Bahir (?) ("Illumination"), also known as Midrash of Rabbi Nehunya ben Ha-Kana - a book of special interest to students of Kabbalah because it serves as a kind of epitome that surveys the essential concepts of the subsequent literature of Kabbalah. It is about 12,000 words (about the size of a magazine). Despite its name "Illumination", it is notoriously cryptic and difficult to understand (but not impossible). Much of it is written in parables, one after the other. The Bahir opens with a quote attributed to Rabbi Nehunya ben Ha-Kana, a Talmudic sage of the 1st century, and the rest of the book is an unfolding discussion about the quote. Jewish tradition considers the whole book to be written in the spirit of Rabbi Nehunya (or even literally written by him). It was first published in Provence France (near Italy) in 1176. Historians suspect Rabbi Yitzhak Ha-Ivver (Isaac the Blind) wrote the book at this time, albeit he incorporated oral traditions from a much earlier time about the Tanakh, Talmud, Siddur, Yetzira, and other Rabbinic texts.
Leopold Zunz ("G. V." 2d ed., p. 176) distinguishes three main parts: (1) the Book Ha-Malbush; (2) the Great Raziel; (3) the Book of Secrets, or the Book of Noah. These three parts are still distinguishable--2b-7a, 7b-33b, 34a and b. After these follow two shorter parts entitled "Creation" and "Shi'ur ?omah," and after 41a come formulas for amulets and incantations.
Sefer ha-?esheq (Hebrew: ? "Book of Delight"), a kabbalistic treatise dealing with the Divine names and their efficacy in mystical practices. Passed down by Abraham Abulafia, the information distinguishes between the various methods of kabbalistic transmission to later generations. Abulafia opposes the method he received to the Talmudic and theosophical Sefirotic methods.
In order to understand my intention regarding [the meaning of] Qolot [voices] I shall hand down to you the known Qabbalot, some of them having been received from mouth to mouth from the sages of [our] generation, and others that I have received from the books named Sifrei Qabbalah composed by the ancient sages, the Kabbalists, blessed be their memory, concerning the wondrous topics; and other [traditions) bestowed on me by God, blessed be He, which came to me from ThY in the form of the Daughter of the Voice, [Bat Qol],these being the higher Qabbalot.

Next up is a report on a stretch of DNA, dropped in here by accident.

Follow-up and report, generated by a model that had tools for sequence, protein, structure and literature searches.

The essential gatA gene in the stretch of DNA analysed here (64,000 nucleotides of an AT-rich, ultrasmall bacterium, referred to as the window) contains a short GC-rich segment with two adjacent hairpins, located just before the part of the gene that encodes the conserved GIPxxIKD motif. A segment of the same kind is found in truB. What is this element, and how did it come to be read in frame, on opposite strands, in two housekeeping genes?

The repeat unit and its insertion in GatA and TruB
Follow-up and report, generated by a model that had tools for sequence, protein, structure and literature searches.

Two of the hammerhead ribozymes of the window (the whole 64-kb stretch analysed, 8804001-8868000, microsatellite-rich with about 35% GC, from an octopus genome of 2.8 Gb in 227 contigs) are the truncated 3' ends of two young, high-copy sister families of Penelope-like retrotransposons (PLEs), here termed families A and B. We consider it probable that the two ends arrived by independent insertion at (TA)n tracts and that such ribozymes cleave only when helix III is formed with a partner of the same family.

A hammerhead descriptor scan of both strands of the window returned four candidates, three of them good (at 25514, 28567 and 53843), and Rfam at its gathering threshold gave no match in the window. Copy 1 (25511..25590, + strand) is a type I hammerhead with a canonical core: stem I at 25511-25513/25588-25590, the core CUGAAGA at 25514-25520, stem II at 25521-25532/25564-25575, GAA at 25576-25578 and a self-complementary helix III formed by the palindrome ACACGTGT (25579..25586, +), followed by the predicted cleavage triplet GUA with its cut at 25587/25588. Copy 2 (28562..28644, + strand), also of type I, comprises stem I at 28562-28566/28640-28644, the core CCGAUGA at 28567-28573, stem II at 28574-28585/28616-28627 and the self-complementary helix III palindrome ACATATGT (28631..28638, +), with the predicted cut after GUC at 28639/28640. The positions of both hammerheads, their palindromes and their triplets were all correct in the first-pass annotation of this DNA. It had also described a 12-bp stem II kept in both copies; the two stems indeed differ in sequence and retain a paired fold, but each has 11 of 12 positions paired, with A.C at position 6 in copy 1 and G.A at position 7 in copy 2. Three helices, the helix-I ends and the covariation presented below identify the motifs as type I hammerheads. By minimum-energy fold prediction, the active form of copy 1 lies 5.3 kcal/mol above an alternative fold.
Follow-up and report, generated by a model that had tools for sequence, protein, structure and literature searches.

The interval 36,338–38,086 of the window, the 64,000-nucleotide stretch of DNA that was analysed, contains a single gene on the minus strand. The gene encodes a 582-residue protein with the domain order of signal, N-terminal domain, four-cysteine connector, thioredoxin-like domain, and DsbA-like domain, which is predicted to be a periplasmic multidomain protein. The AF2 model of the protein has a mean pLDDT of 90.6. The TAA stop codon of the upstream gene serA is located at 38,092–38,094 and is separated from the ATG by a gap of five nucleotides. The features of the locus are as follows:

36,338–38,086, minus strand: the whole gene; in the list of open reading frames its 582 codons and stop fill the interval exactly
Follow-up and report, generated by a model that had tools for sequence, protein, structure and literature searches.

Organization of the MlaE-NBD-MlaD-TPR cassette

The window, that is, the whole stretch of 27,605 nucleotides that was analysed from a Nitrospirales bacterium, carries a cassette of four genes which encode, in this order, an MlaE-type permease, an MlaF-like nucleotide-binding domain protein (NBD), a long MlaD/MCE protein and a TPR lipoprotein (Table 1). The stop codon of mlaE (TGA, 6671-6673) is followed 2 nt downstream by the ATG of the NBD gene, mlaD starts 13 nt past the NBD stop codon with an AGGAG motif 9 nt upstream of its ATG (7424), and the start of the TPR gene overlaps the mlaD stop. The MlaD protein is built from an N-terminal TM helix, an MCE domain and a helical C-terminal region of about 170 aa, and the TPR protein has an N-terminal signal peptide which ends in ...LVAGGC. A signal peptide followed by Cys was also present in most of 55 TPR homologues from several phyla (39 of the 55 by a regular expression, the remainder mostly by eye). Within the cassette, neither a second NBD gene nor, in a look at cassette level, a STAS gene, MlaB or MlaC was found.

Gershom Scholem argued that Moses de León (1240-1305) was the sole author of the Zohar. More recently, Yehuda Liebes contended that while De León may have been the primary author, he incorporated or recast selections from contemporary kabbalists (e.g. Rabbi Joseph Gikatilla, Rabbi Joseph of Hamadan, Rabbi Bahya ben Asher). Most recently, Kabbalah scholars such as Ronit Meroz, Daniel Abrams and Boaz Huss have been demonstrating that the materials within the Zohar underwent several generations of writing, re-writing and redaction. De León claimed to discover the text of the Zohar while in the land of Israel and attributed it to the 2nd-century Rabbi Shimon bar Yohai, who is the main character of the text. The text gained enormous popularity throughout the Jewish world.
Though the book was widely accepted, a small number of significant rabbis over the subsequent centuries published texts declaring Rabbi Moshe invented it as a forgery with concepts contrary to Judaism. However, many of these Rabbis were not Kabbalists themselves. This was a major point of contention made by a community among the Jews of Yemen, known as Dor Daim, a religious intellectual movement that called for a return to a more Talmudic based Judaism. Other communities in Italy and the Andalusian (Spanish Portuguese) lands also questioned the content and authenticity of the Zohar. While organized into commentaries on sections of the Torah, the Zohar elaborates on the Talmud, Midrash Rabba, Sefer Yetzira, the Bahir, and many other Rabbinic texts. To some degree, the Zohar simply is Kabbalah.
Pardes Rimonim (in Hebrew ?) (Garden [of] Pomegranates) - the magnum opus of Rabbi Moshe Cordovero (1522-1570), published in the 16th century. It is the main source of Cordoverian Kabbalah, a comprehensive interpretation of the Zohar and a friendly rival of the Lurianic interpretation.
Etz Hayim (in Hebrew? ?) ("Tree [of] Life") is a text of the teachings of Isaac Luria collected by his disciple Chaim Vital. It is the primary interpretation and synthesis of Lurianic Kabbalah. It was first published in Safed in the 16th century. It consists of the primary introduction to the remainder of the Lurianic system. The Shemona She'arim (eight gates): is the full Lurianic system as arranged by Shmuel Vital, the son of Haim Vital. Eitz Hayim is the only work published within Hayim Vital's lifetime, the rest of his writings were buried with him in an unedited form. Supposedly Shmuel Vital had a dream that he was to exhume his father's grave and remove certain writings leaving the others buried. Shmuel Vital went on then to redact and publish the works as the Eight Gates which are then, at times subdivided into other works:
Sephardi and Mizrahi Kabbalists endeavor to study all eight gates. Etz Hayim is published standard in a single volume three part arrangement, the initial two parts published by Haim Vital, with a third part, Nahar Shalom by Rabbi Shalom Sharabi, being now considered the third part. Ashkenazi Kabbalists often tend to focus only on Eitz Haim, with explanations of the RaMHaL (Rabbi Moshe Haim Luzzato). However this is not always the case. There are Yeshivot such as Shaar Shmayim that deal with the works of the Haim Vital in their entirety.